The book Bright Wings – An Illustrated Anthology of Poems About Birds, has flaps on its front and back covers that when opened give the book an impressive wingspan. The anthologist is my man Billy Collins, who paired his talent with the artistic Audubon ornithologist David Allen Sibley, to hatch this beautiful collection. However, in a recently acquired habit, I assessed the parity in the poetry assembled through the table of contents. Out of more than 100 poems, 37 were penned by women. Hmmm. My feathers ruffled. Continue reading
Lake Huron, summer, 2018
I met my Waterloo in the loo of a Waterloo, Ontario Shopper’s Drug Mart.
“It’s Senior’s Day,” I said to my husband and daughter. Presciently, on my list was a large bottle of Extra-strength Advil. Lured by the 20% discount and bonus points on my loyalty card, we stopped en route to Point Pelee National Park.
For years, I’ve wanted to visit Point Pelee in early May to witness the massive annual spring migration of song birds heading north for the summer. Our Air BnB waited for us in Kingsville. We’d signed up for tours and workshops offered by Friends of Point Pelee. Binoculars and journals were packed. We were ready. Continue reading
We walk in a temple of green. If I was a perfumer I would describe the aroma as a blend of sawdust from mulched dead ash trees, blackened leaves dribbling at water’s edge warmed with pine needles and finished with a hint of irises and clover.
Black Crowned Night Heron
The water birds are blase about our presence. Two common mergansers with their punk rock feathers streaming from the back of their heads sit placidly on the shore as we approach. Further in the green glow of underbrush a Black Crowned Night Heron holds his pose giving us his profile. A pair of Wood Ducks confidently ignore us as we tiptoe closer to take their photo.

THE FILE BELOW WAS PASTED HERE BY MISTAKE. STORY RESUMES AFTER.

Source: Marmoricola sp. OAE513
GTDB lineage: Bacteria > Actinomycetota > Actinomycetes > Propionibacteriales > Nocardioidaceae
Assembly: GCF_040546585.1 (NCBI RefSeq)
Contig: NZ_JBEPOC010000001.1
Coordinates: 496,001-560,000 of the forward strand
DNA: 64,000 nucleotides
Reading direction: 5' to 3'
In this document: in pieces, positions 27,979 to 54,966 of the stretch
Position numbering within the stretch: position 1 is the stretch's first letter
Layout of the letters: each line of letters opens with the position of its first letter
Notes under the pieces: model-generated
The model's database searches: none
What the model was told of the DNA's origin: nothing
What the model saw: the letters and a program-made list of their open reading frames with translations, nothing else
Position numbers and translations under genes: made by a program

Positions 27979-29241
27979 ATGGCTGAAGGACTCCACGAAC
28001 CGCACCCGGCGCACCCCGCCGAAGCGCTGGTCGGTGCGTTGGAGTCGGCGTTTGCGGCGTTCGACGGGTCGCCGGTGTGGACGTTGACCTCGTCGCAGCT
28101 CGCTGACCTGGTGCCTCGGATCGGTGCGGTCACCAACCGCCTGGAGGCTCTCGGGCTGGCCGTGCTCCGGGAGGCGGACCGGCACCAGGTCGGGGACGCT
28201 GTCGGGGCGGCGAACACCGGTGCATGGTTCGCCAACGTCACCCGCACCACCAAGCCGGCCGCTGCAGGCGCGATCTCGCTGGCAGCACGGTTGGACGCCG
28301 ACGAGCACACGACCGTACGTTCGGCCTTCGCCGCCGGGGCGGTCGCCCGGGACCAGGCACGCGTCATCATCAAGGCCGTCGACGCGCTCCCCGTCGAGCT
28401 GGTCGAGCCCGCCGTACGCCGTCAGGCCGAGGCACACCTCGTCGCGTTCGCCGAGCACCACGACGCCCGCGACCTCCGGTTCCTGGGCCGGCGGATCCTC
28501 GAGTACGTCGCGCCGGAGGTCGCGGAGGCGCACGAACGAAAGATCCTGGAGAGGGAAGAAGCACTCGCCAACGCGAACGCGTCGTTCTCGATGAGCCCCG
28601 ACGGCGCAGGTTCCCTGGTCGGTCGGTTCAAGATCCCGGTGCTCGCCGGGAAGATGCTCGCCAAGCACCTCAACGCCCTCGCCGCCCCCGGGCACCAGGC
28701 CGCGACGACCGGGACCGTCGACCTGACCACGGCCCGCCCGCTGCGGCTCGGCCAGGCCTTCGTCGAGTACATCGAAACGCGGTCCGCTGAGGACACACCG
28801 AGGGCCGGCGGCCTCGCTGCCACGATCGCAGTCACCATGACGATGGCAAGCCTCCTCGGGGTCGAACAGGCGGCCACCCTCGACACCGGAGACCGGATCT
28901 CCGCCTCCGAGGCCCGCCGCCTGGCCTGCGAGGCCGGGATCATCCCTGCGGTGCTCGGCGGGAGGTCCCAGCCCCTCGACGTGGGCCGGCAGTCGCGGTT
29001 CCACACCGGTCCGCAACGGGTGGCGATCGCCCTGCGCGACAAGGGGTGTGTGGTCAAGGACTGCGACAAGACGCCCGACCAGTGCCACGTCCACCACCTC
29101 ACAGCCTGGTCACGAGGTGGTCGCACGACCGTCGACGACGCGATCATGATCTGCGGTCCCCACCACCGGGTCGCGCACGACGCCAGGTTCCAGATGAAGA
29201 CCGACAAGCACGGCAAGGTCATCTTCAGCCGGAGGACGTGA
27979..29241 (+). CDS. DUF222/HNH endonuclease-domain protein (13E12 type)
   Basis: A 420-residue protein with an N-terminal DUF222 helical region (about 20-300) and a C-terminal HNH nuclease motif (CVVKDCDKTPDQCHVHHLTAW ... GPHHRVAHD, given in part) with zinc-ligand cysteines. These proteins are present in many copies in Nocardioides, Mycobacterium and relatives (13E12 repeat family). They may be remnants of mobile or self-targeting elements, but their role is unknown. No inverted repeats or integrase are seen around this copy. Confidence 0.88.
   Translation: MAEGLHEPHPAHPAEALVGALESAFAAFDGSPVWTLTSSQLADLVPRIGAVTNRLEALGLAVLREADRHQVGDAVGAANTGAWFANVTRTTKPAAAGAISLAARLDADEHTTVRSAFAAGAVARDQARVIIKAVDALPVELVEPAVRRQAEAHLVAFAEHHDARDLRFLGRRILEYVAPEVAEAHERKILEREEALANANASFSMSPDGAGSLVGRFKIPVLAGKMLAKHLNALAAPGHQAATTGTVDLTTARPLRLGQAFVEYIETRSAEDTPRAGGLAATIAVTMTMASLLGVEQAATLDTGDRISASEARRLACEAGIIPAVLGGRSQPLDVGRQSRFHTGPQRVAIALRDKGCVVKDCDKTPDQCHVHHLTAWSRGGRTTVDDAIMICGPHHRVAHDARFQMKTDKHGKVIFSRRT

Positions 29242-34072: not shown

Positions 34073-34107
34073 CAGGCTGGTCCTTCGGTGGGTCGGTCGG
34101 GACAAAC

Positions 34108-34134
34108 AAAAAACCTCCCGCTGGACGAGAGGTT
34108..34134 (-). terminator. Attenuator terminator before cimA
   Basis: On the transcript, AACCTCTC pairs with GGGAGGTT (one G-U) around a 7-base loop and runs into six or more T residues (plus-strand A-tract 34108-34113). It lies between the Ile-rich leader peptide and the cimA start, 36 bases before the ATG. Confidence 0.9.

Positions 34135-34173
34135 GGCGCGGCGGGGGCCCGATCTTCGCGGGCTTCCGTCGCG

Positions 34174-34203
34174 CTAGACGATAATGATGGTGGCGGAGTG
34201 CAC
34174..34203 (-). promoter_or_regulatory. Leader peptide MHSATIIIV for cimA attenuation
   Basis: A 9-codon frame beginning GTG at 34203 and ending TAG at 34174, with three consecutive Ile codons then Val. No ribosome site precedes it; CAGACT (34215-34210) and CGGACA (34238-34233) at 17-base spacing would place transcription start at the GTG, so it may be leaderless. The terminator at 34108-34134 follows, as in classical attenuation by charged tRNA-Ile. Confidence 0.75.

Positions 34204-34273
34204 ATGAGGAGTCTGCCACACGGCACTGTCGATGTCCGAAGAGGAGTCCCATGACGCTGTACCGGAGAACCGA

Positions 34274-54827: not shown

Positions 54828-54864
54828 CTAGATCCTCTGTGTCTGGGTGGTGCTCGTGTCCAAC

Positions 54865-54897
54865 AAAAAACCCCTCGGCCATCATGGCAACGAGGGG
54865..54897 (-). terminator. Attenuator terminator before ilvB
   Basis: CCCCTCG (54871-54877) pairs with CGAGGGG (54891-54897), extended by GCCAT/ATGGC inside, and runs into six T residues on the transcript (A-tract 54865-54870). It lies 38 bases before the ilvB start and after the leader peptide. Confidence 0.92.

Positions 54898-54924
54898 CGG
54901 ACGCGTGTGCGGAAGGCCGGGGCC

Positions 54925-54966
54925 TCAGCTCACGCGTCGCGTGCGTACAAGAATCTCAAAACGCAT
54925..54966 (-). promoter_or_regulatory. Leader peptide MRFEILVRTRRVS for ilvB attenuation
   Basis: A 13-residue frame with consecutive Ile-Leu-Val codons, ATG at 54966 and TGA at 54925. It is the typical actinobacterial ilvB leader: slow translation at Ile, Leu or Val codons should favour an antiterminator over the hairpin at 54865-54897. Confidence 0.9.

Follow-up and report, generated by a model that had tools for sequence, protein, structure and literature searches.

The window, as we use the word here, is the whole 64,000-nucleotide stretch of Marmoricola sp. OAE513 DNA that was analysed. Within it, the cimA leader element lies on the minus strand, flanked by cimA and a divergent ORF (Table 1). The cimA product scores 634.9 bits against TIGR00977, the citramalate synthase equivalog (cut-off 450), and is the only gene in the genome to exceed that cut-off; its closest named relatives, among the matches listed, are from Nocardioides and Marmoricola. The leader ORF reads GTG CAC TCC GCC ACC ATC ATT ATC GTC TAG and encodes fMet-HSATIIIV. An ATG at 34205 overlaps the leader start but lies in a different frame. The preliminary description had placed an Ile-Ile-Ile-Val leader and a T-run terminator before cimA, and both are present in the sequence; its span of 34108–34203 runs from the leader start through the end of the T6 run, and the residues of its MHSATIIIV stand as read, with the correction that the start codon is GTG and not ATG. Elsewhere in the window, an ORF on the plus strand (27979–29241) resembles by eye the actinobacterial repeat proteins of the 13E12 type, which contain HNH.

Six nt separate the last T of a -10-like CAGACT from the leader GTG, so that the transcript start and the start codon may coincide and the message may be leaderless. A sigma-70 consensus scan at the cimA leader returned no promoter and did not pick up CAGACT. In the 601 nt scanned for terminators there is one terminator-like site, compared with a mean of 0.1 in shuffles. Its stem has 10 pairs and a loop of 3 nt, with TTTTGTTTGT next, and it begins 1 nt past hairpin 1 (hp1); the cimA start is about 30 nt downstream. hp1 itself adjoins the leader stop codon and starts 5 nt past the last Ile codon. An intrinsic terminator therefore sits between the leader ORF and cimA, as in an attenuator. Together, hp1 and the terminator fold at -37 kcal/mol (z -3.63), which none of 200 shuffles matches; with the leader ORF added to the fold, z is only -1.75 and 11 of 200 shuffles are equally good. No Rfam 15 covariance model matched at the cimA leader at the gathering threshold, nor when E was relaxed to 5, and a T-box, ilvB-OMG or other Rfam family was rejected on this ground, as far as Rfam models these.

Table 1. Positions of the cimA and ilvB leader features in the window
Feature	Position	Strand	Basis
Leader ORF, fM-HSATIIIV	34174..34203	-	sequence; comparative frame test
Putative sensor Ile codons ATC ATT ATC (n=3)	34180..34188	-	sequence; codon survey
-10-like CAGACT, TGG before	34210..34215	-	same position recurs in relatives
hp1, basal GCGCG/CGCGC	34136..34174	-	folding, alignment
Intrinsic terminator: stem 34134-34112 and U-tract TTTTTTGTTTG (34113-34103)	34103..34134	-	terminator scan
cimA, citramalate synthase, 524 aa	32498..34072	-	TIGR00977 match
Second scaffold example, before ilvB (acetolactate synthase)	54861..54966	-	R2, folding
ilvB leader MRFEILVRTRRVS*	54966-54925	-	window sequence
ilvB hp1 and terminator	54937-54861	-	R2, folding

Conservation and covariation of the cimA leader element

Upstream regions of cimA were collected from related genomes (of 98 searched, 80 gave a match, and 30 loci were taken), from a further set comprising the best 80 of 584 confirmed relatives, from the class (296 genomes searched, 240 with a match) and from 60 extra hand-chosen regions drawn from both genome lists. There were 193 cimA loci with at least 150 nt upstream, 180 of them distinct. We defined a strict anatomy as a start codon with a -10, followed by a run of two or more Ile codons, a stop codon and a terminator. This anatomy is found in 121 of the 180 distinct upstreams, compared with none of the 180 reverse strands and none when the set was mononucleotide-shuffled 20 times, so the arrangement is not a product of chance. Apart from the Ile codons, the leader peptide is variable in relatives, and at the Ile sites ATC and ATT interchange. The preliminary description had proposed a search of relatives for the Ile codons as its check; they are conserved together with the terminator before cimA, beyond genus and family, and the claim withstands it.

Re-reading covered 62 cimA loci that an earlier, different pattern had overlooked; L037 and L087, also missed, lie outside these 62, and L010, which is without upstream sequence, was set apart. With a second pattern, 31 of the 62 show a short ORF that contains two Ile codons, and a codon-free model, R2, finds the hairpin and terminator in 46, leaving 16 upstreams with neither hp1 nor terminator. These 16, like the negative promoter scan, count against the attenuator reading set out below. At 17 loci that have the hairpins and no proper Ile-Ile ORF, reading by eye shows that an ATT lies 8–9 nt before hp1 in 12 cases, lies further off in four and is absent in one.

Above us the birdsong is the sound of a tuning symphony. I can’t pick out a single note that I recognize.
Mud Lake – an undrained swamp in the heart of Ottawa.
An American Goldfinch undulates from tree to tree. Five dive and swoop across a small clearing as though the sun released a few rays and turned them into birds
Imagine the smell.
Cedar Waxwings leap into the air in a weird see-saw flight from branch to branch. They reach up with their beaks to catch insects and then slap their wings together, which sound like fingers snapping, and then see-saw to the opposite tree whistling as they go. I’ve never heard their call before nor have I seen them feeding on anything other than seeds in our backyard feeder.
I feel like a birdwatcher again. It makes me happy to pay attention to something else other than work and worries.